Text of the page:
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It was hard to engage in a healthcare conversation in recent weeks without hearing about the challenges presented and fear created by the global Ebola crisis. In the United States, the outcomes in Dallas brought home the complicated nature of a global healthcare system driven by protocol and process, and revealed that in striving for perfect outcomes, the healthcare system still built on human beings caring for human beings. This also means, as hard as we might work to avoid it, oversight or errors in healthcare happen.
In many efforts at the heart of patient experience--the integration of quality, safety and service and the connection of engagement, activation and partnership--we drive to reduce errors and/or avoid never events, or conversely, to drive the best in outcomes and ensure always events. Yet at the same time, many of us who advocate for experience (and I must own I have been guilty of it too) expect the ability for near flawless perfection at all times. Yes, we can strive for this, yes it would be ideal if we could achieve it, but we must realize that our humanity makes us vulnerable, variable and at times prone to mistakes. No one wants that to occur in his or her own case and unfortunately we probably still see more unavoidable errors outside of truly human mistakes than we should, but it does cause us to look at the root of issue.
I consistently advocate that patient experience is grounded in an organization's culture, and in that frame, it's through interactions between individuals where experience occurs--be it an interpersonal or a clinical encounter. As much as we need to focus on patient, resident and family needs, we must also be cognizant of those on the front lines and in the support roles who deliver that care or overall experience.
We cannot and should not expect those providing care to shed their humanity for an elusive level of pure perfection. We should expect thought that they do all they can with their knowledge, skill and power to provide the best in experience and outcomes in each and every encounter. We must also then acknowledge this is not easy work--it comes with rigors, stresses and emotions many others never experience. These individuals commit to care for other people. So I ask, should we not ensure we care for them as well?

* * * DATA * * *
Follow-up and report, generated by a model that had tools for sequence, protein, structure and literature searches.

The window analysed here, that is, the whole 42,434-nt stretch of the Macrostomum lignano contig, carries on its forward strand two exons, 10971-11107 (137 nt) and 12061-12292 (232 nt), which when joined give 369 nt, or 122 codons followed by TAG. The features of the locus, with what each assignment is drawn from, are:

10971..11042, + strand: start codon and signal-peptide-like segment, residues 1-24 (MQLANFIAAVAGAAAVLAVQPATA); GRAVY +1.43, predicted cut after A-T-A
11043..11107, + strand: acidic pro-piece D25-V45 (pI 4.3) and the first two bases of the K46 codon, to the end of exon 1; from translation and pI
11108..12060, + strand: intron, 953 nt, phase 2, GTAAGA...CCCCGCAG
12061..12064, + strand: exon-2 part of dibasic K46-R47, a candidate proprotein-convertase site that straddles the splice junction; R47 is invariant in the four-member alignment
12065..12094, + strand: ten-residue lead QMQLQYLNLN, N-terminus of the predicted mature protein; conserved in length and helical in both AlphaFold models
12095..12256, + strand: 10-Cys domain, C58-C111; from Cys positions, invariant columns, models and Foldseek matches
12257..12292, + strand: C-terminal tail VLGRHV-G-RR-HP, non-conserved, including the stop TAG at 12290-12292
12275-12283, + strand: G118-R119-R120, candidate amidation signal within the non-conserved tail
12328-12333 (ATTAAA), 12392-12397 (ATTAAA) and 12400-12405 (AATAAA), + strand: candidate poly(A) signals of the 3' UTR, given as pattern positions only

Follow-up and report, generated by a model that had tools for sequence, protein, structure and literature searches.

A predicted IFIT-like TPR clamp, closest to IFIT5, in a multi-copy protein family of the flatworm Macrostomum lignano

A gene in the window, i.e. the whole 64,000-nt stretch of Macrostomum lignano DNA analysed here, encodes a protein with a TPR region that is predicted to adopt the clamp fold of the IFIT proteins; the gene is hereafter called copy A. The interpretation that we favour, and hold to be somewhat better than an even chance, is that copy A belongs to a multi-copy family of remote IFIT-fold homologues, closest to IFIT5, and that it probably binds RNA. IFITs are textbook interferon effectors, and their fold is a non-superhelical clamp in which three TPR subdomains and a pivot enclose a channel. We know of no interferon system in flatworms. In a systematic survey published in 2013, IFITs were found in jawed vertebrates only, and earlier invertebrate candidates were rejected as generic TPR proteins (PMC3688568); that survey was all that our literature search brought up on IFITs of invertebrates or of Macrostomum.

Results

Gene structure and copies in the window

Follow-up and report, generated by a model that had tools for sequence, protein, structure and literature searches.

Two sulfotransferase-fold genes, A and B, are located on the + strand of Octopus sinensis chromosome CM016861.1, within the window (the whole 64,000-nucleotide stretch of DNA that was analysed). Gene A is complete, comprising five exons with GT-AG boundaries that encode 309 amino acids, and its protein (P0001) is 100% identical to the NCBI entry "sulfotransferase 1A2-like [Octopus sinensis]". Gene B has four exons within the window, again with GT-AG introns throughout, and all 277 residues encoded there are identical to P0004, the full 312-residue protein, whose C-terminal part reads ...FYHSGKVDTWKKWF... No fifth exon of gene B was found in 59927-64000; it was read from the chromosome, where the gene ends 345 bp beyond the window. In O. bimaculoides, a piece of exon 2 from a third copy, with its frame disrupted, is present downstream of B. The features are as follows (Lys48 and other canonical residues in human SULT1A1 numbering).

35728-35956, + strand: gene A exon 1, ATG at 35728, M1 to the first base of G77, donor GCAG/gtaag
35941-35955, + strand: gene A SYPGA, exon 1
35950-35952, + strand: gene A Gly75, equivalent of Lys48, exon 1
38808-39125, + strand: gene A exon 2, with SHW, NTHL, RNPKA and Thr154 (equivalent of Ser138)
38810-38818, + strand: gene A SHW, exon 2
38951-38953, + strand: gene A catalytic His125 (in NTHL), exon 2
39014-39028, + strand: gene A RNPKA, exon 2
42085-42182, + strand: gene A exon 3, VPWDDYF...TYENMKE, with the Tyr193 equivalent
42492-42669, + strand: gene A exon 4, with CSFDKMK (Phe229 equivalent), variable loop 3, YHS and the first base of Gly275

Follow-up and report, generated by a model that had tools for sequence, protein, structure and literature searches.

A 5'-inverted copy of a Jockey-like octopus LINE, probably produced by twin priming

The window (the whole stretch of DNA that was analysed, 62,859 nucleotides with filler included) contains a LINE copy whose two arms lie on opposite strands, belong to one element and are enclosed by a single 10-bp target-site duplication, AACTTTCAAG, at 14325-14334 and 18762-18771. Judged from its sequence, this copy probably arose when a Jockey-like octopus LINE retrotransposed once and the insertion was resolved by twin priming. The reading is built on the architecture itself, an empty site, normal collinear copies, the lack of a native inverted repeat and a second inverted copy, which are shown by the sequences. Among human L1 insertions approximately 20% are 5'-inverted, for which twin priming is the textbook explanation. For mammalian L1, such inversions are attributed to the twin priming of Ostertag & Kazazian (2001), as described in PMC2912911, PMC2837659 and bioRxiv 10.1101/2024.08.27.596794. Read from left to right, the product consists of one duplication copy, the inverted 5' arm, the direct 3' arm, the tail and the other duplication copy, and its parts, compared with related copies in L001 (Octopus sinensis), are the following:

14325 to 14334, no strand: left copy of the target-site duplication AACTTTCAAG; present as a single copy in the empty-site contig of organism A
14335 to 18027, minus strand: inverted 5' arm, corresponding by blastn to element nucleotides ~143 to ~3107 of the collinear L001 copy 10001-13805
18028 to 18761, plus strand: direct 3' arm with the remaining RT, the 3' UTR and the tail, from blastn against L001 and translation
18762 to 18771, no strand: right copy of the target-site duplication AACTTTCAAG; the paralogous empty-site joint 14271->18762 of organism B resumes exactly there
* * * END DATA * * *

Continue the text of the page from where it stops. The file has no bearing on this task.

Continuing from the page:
I hear increasing conversation about the importance of staff/employee engagement in healthcare--mirrored by the expansion of these very services by a number of the patient survey firms gathering this data. But in this case, I'm not talking simply about creating engagement, i.e., the emotional commitment and sense of ownership an employee has to the organization and its goals. Rather, I suggest we need to create an environment of care for those delivering and supporting care as well.
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As I engage in conversations with individuals and organizations about what impedes their progress to patient experience success, I consistently hear stories of time constraints and competing priorities. This isn't surprising, as most of the healthcare systems globally are asked to do more with less in terms of both resources and people. But if we're truly committed to achieving the best in experience and outcomes, we need to do all we can to take care of the mechanism of delivery--the people providing care. In doing so we create the strongest foundation on which to build safe, quality and service-focused encounters across all healthcare settings. In taking care of those who provide care, we will excel at taking care of those who seek it.
Jason A. Wolf, Ph.D., is president of The Beryl Institute, a global community of practice focused on patient experience improvement and founding editor of Patient Experience Journal. Follow Jason @jasonawolf , The Beryl Institute @berylinstitute and Patient Experience Journal @pxjournal on Twitter.
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